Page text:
res judicata defense raises no disputed issue of
fact.” Andrews v. Daw, 201 F.3d 521, 524
(4th Cir. 2000). Reference to these facts does not
convert a motion to dismiss into a motion for summary
argues Plaintiff's complaint is barred by res
judicata. Federal common law governs the preclusive
effect of the prior decision. United States ex rel. May
v. Purdue Pharma L.P., 737 F.3d 908, 912 (4th
Cir. 2013). Under federal common law, “[t]he
application of res judicata turns on the existence
of three factors: (1) a final judgment on the merits in a
prior suit; (2) an identity of the cause of action in both
the earlier and the later suit; and (3) an identity of
parties or their privies in the two suits.”
Clodfelter v. Republic of Sudan, 720 F.3d 199, 210
(4th Cir. 2013) (internal quotation marks
omitted). Claims concern the same action when “the
suits and the claims asserted therein ‘arise out of the
same transaction or series of transaction or the same core of
operative facts.'” Pueschel v. United
States, 369 F.3d 345, 355 (4th Cir. 2004)
(quoting In re Varat Enters., Inc., 81 F.3d 1310,
1316 (4th Cir. 1996)).
seems to argue that his termination in May 2013 and
Defendant's refusal to reemploy him violate USERRA. (ECF
No. 1, at 5). Plaintiff and Defendant were the parties to the
prior suit, and the prior suit had a final judgment on the
merits. Washington, 2015 WL 4396616. The prior suit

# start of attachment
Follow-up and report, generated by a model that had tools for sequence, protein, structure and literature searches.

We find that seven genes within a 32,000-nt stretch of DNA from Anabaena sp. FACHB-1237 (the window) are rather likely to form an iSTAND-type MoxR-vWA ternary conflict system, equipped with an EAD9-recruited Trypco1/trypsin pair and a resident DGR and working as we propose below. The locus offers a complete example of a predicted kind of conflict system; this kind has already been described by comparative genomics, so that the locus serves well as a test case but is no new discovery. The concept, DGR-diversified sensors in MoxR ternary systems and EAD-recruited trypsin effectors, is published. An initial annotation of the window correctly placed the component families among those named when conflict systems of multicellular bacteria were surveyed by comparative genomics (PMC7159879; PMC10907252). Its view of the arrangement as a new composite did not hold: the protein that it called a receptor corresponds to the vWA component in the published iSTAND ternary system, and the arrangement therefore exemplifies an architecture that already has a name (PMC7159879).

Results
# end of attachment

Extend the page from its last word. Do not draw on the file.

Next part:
determined that Plaintiff's dismissal did not violate
extent Plaintiff brings a claim related to his initial
termination, it is clearly barred by res judicata.
Plaintiff seems also to allege that the failure to hire in
2017 was a continuation of the earlier violation, but a
continuing violation “is occasioned by continual
unlawful acts, not continual ill effects from [the alleged]
original violation.” Nat'l Adver. Co v. City of
Raleigh, 947 F.2d 1158, 1166 (4th Cir. 1991).
Here, Plaintiff points to no new unlawful acts and instead
repeats that his previous termination was unlawful.
Accordingly, the complaint, both as to the original
termination and later refusal to rehire is barred by res
judicata and will be dismissed.
an abundance of caution, however, Plaintiff will be given a
brief period to amend the complaint. In his complaint,
Plaintiff checked the box for failure to hire, but he has
pled no facts alleging a separate cause of action for failure
to hire in 2017 under USERRA. In light of the liberal policy
favoring amendment ...